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Council on Energy, Environment and Water Integrated | International | Independent
Policy Brief

Assessing Good Service Practices in India’s Air-Conditioner Servicing Sector

Key Findings from a Survey of Service Technicians

Lekha Sridhar and Vaibhav Chaturvedi
June 2017 | Technology, Finance & Trade

Suggested Citation: Lekha, Sridhar and Vaibhav Chaturvedi. 2017. Assessing Good Service Practices in India’s Air-Conditioner Servicing Sector: Key Findings from a Survey of Service Technicians. New Delhi: Council on Energy, Environment and Water.

Overview

This brief is a part of CEEW’s research on the AC servicing sector, which analyses servicing practices in the residential (RAC), mobile (MAC) and commercial (CAC) air-conditioning sectors to identify potential policy interventions to reduce HFC consumption during servicing. The analysis is based on primary survey data, focused group discussions (FGDs), interviews and secondary data through literature review. This policy brief presents some of the highlights from the survey and FGDs. This survey lays the groundwork for further research and provides many useful insights on policy development for the service sector.

% of technicians trained in the formal and informal sector

% of technicians trained in the formal and informal sector

Source: CEEW Analysis (2017)

Key Findings

  • Expansion of training and skill development programmes, while important, are not sufficient on their own. Even though various government bodies like the skill development councils and ITIs are training hundreds of people, the quality of the training provided is not consistent and not in keeping with new technologies.
  • Many technicians who are aware of good servicing practices (GSPs) do not use them because of the lack of incentives to do so – lack of knowledge, training and equipment are not the only barriers to GSPs.
  • Increasing informalisation in the country, including in the formal sector is a concern as these low-paid workers would then have greater incentive to cut corners (keeping servicing to a minimum, rather than doing all that is necessary).
  • Creating stable employment opportunities with benefits or a system that is not commission-based AC servicing, along with provision of training on GSPs may incentivise technicians to minimise HFC emissions.
  • While the formal sector has better adherence to some GSPs, there is still much greater scope for improvement.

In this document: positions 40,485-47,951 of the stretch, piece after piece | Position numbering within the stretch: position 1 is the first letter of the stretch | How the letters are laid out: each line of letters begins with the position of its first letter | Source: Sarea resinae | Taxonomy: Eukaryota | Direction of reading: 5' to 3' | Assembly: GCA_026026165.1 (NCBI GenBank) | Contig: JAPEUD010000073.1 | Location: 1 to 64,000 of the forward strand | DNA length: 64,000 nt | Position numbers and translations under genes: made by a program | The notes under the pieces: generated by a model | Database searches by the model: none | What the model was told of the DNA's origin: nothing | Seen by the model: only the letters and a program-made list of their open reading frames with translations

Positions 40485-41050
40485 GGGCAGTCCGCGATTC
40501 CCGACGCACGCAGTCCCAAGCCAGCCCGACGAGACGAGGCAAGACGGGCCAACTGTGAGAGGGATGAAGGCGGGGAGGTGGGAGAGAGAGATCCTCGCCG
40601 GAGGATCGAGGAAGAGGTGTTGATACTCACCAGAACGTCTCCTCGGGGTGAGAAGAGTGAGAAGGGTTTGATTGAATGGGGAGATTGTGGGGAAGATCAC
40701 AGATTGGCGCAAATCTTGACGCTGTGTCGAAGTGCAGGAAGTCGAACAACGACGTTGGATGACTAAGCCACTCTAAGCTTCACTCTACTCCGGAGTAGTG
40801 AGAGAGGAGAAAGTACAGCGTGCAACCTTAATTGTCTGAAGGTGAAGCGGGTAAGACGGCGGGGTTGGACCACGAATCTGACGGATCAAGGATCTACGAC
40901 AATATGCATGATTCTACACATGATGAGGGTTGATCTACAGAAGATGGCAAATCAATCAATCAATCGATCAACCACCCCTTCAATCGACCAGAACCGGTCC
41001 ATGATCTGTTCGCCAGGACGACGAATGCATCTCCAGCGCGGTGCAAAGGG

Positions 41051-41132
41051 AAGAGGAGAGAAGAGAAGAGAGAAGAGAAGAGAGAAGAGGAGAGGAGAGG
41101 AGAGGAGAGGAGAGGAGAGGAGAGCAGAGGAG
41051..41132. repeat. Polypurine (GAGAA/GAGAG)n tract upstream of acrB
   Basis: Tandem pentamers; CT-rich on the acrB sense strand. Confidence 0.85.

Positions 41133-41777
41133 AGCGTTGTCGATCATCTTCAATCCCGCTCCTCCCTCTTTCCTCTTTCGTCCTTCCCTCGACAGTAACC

• Manufacturing companies are in the position of mandating GSPs to be followed by their authorised service centres and could include these parameters among key performance indicators.
  • If the quality and coverage of the certification programme is low, then it would become an unnecessary barrier to entry that has no impact on reducing hydrofluorocarbon (HFC) emissions. If the government opts for voluntary certification instead, some incentives will have to be given to the technicians to obtain this certification.
  • Technicians report having a difficult time charging premium fees due to customers being price sensitive. If the certification scheme is given sufficient publicity and credibility among customers, it may incentivise customers to opt for trained technicians.
  • Technicians report that low customer awareness of GSPs, price sensitivity and need for short turnaround time for servicing affect customer choice of service centre. Technicians stated that that their servicing practices hinge on how happy the customer is and a large part of customer satisfaction has to do with low priced services.
  • Servicing enterprises could offer long-term Annual Maintenance Contracts at discounted prices for customers or extended warranty to encourage them to continue using authorised service centres.
  • Manufacturers could also raise awareness of proper installation and servicing practices when customers purchase ACs/cars and highlight the possibility of increased electricity consumption due to faulty installation/servicing.

Low customer awareness of GSPs, price sensitivity and need for short turnaround time for servicing affect customer choice of service centre.

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